Arthritis is a common ailment in dogs and cats that can be a source of chronic pain and negatively impact their quality of life. However, pets are experts at hiding their weaknesses, and arthritis often goes undiagnosed and untreated. Our team at Scripps Ranch Veterinary Hospital would like to help you recognize arthritic signs in your pet, so you can take steps to alleviate their pain.

Arthritis basics in pets

When your pet’s joints are healthy, cartilage acts as a cushion that allows the joint to move smoothly and comfortably through the full range of motion. If age, injury, or infection causes the cartilage to deteriorate, the condition is known as arthritis, or degenerative joint disease (DJD). As the protective cushion is lost, pain, inflammation, decreased range of motion, and bone spur development occurs. Any joint in your pet’s body can be affected, but arthritis most commonly affects the limbs and lower spine. Any pet can develop arthritis, especially as they age, but certain factors can increase your pet’s risk for this condition.

  • Obesity — Excess weight causes pressure on your pet’s joints, putting them at higher risk for cartilage degeneration.
  • Congenital abnormalities — Pets affected by conditions such as hip or elbow dysplasia are predisposed to arthritis.
  • Injuries — Pets who sustain an injury, such as a fracture, dislocation, or ligament tear, may be more likely to develop arthritis where the injury occurred.
  • Large- or giant-breed dogs — Breeds such as German shepherds, Labrador retrievers, and golden retrievers are at increased risk.

Recognizing arthritis in pets

In the early stages, arthritis can be difficult to detect, and your pet’s issue may not become apparent until the affected joint is significantly damaged. Signs to look for in dogs include:

  • Lameness — Your dog may exhibit a subtle or pronounced limp, or have stiffness or difficulty getting up.
  • Lethargy — Your dog may be less active and reluctant to run, jump, or play.
  • Weight gain — Your dog’s more sedentary lifestyle may lead to weight gain.
  • Behavior change — Your dog may be more subdued, or more irritable.
  • Pain — Your dog may exhibit pain when you pick them up or pet them.
  • Muscle mass loss — Your dog may start to lose muscling over their limbs and spine.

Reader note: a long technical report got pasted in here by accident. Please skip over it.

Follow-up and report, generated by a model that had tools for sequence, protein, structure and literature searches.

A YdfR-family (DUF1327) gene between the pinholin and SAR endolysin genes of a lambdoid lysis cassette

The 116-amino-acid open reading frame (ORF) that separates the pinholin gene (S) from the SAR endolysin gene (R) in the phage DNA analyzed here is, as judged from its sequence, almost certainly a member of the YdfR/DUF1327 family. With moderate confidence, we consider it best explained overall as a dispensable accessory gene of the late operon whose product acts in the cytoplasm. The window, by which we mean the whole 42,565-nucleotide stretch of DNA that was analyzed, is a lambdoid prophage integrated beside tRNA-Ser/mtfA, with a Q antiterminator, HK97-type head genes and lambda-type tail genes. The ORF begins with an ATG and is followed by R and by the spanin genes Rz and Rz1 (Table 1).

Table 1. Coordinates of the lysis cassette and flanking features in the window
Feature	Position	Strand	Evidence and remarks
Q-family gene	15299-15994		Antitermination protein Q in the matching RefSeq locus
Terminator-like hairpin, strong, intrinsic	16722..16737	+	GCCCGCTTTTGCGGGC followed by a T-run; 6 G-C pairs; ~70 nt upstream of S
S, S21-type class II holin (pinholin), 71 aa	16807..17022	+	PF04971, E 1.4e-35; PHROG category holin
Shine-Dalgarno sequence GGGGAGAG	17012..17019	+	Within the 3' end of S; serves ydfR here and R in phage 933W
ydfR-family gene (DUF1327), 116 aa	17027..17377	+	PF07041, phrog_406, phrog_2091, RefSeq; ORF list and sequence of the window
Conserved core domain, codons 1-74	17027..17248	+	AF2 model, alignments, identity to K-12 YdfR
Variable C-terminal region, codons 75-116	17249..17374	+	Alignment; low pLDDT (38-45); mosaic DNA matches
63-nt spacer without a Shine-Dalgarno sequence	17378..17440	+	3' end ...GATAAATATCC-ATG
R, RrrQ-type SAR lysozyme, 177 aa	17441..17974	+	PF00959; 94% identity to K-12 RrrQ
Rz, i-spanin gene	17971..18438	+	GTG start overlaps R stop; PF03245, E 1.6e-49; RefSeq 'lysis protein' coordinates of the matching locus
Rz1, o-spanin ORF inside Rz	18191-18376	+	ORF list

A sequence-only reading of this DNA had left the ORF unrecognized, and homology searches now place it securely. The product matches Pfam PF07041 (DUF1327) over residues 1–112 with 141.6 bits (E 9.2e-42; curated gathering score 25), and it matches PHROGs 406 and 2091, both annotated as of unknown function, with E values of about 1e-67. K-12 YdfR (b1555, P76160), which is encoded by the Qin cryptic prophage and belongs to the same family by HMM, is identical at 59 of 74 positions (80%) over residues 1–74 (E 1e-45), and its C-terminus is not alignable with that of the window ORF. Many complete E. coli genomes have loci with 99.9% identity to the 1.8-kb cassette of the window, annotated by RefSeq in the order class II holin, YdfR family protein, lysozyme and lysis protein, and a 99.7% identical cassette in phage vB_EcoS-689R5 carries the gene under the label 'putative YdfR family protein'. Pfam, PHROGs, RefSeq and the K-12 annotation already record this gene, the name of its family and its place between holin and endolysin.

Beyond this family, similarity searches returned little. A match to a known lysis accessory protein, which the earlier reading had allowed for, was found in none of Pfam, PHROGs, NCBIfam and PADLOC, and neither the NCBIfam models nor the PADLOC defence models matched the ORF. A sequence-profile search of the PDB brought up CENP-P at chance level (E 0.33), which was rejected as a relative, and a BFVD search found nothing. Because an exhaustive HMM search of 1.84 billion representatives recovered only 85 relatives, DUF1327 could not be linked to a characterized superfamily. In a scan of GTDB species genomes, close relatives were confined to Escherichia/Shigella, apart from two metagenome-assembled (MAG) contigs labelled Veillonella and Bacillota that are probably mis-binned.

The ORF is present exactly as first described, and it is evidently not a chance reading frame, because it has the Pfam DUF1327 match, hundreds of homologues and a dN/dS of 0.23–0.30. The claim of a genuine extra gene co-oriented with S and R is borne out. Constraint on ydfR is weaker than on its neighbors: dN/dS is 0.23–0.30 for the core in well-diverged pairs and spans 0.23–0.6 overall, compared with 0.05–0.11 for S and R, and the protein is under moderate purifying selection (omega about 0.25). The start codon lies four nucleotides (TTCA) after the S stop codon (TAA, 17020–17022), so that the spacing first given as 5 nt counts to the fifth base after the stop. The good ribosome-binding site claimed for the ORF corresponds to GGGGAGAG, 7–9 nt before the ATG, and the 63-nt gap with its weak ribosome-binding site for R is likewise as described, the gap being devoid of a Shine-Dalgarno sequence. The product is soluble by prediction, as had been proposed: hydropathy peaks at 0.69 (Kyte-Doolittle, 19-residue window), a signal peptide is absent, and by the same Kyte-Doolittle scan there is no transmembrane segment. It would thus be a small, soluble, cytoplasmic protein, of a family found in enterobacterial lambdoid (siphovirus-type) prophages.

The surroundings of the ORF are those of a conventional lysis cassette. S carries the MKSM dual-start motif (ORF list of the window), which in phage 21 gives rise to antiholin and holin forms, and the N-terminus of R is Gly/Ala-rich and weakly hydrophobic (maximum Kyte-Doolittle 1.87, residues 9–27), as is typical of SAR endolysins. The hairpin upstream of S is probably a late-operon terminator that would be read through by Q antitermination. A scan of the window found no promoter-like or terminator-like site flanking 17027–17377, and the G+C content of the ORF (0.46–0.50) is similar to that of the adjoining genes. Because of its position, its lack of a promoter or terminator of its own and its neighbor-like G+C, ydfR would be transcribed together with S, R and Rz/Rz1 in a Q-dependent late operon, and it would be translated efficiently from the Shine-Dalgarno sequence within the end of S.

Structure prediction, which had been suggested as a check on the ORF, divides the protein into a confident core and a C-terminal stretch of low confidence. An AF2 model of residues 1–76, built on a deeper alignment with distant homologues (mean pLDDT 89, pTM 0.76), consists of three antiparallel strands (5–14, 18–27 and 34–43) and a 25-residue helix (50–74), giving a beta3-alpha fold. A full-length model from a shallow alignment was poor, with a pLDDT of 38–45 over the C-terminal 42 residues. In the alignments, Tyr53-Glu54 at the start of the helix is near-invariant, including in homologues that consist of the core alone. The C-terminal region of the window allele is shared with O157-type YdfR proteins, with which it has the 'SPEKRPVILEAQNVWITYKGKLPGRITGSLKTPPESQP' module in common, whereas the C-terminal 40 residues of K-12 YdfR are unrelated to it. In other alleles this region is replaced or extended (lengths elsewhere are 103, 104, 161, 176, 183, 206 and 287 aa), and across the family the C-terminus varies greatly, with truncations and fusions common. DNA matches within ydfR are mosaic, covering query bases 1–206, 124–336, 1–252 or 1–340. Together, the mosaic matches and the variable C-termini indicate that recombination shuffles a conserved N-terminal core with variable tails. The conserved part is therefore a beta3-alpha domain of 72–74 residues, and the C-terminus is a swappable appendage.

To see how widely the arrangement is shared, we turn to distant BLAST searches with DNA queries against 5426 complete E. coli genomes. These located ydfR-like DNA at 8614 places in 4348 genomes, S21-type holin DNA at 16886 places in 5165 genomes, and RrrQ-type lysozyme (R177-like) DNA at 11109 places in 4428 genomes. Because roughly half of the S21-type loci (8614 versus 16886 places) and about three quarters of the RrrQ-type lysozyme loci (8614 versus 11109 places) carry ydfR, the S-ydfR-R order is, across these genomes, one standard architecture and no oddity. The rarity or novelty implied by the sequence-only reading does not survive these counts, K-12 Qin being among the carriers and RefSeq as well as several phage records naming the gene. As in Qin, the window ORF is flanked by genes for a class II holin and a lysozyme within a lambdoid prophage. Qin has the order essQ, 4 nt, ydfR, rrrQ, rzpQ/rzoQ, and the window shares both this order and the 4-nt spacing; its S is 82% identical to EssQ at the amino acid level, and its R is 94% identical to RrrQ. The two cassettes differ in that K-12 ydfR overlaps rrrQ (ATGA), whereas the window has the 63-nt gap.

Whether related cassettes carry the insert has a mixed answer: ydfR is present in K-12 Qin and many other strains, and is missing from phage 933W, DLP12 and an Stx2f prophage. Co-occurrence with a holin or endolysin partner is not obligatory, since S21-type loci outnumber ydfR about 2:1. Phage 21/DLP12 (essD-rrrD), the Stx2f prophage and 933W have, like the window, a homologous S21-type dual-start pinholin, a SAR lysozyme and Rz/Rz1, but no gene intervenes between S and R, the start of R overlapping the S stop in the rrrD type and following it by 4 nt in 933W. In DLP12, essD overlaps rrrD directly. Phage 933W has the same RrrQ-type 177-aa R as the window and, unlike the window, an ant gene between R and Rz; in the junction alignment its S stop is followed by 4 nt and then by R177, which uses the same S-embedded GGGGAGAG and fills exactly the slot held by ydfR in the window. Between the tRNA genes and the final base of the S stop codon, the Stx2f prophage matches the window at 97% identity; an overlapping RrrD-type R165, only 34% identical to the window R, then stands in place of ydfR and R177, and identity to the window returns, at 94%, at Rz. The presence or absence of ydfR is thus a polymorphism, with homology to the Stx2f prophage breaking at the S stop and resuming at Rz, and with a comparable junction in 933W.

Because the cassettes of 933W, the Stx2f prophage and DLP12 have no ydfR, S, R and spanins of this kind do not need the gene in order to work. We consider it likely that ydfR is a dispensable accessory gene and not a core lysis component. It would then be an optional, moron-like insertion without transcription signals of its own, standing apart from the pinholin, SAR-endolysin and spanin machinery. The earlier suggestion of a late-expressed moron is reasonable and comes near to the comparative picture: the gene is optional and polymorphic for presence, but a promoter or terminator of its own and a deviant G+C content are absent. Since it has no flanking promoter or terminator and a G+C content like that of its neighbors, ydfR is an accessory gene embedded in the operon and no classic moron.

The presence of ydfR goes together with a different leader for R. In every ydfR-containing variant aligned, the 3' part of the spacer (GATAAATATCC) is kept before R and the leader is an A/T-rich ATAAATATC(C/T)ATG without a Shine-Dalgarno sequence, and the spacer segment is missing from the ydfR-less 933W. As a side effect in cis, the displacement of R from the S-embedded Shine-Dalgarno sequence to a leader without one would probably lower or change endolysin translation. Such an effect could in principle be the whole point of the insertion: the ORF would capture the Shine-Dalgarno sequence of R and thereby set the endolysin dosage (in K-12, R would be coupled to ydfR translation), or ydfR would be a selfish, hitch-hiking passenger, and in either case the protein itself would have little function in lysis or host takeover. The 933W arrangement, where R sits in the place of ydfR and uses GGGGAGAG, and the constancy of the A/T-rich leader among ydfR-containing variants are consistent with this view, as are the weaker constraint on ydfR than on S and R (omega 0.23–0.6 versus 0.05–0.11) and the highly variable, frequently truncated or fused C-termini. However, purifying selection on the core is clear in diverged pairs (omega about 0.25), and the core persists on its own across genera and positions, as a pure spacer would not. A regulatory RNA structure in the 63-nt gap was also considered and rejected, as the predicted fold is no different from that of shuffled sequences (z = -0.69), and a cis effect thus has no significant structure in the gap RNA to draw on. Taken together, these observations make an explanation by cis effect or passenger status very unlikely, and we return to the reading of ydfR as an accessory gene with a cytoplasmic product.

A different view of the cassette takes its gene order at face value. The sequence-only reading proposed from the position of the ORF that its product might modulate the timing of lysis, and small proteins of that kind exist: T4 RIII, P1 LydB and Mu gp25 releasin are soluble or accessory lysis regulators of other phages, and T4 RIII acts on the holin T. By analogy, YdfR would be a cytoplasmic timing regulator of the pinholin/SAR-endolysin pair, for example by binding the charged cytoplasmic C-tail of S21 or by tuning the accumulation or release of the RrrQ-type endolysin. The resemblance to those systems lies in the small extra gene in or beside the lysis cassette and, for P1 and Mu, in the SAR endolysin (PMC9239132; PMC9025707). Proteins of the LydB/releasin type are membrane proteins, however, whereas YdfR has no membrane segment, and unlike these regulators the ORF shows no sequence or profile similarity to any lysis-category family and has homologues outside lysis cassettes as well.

• Difficulty posturing to urinate or defecate — Painful joints may make posturing to urinate or defecate difficult for your dog.

Signs to look for in cats include:

  • Difficulty jumping — Your cat may have difficulty jumping to a favorite high resting area.
  • Stiffness — Cats rarely limp, but they may be stiff after lying down.
  • Navigating stairs — Your cat may be reluctant or unable to navigate stairs.
  • Sleep habits — Your cat may sleep more frequently.
  • Unkempt hair coat — Your cat may be unable to appropriately groom themselves, leading to a dull or matted hair coat.
  • Longer claws — Your cat’s inactivity may mean they do not wear down their claws, leading to longer claw growth.
  • Behavior change — Your cat may be more subdued, or more irritable.
  • Inappropriate elimination — Your cat may eliminate outside their litter box, if discomfort prevents them from getting over the box’s ledge.

Diagnosing arthritis in pets

Our veterinary professionals will perform a thorough exam, analyzing your pet’s gait, and palpating their joints to look for swelling or sensitivity. Blood tests may be ordered to rule out other health issues or illnesses that could be affecting your pet’s joints. If arthritis is suspected, X-rays will be taken to confirm the diagnosis and determine the severity of your pet’s condition.

Treating arthritis in pets

Multiple arthritis treatments can be employed to help alleviate your pet’s discomfort.

  • Weight management — If your pet is overweight, a weight loss program will be recommended, to help them lose the excess weight putting pressure on their joints. If your pet is at a healthy weight, you must maintain this weight.
  • Environmental support — If your pet is arthritic, you can take steps to ensure your home is as comfortable for them as possible, including: 
    • Providing soft bedding, so they can comfortably rest their painful joints
    • Raising their food and water bowls, to alleviate any neck strain
    • Providing ramps to their favorite places, such as the couch or bed
    • Changing your cat’s litter box to one that has lower sides
    • Grooming them regularly, since their discomfort may prevent them from grooming themselves appropriately
  • Joint supplements — Many joint supplements are available that can help improve function, reduce inflammation, and slow joint damage progression. Our veterinary professionals will recommend the best supplement for your pet.
  • Pain medications — Medications to control pain and inflammation, such as non-steroidal anti-inflammatory drugs (NSAIDs), may be prescribed. However, these medications have significant side effects, and your pet’s liver and kidney values will need regular monitoring.
  • Physical therapy — Daily exercise has been shown to help mobility in arthritic pets.
  • Surgery — Depending on the joint involved, the severity of your pet’s condition, and their response to medical management, surgery may be recommended, to remove damaged tissue from the joint, or replace the joint entirely.

Recognizing arthritis in the early stages can help slow the condition’s progression and improve your pet’s quality of life. If you are concerned your pet is exhibiting arthritis signs, contact our team at Scripps Ranch Veterinary Hospital, so we can get them up and running again.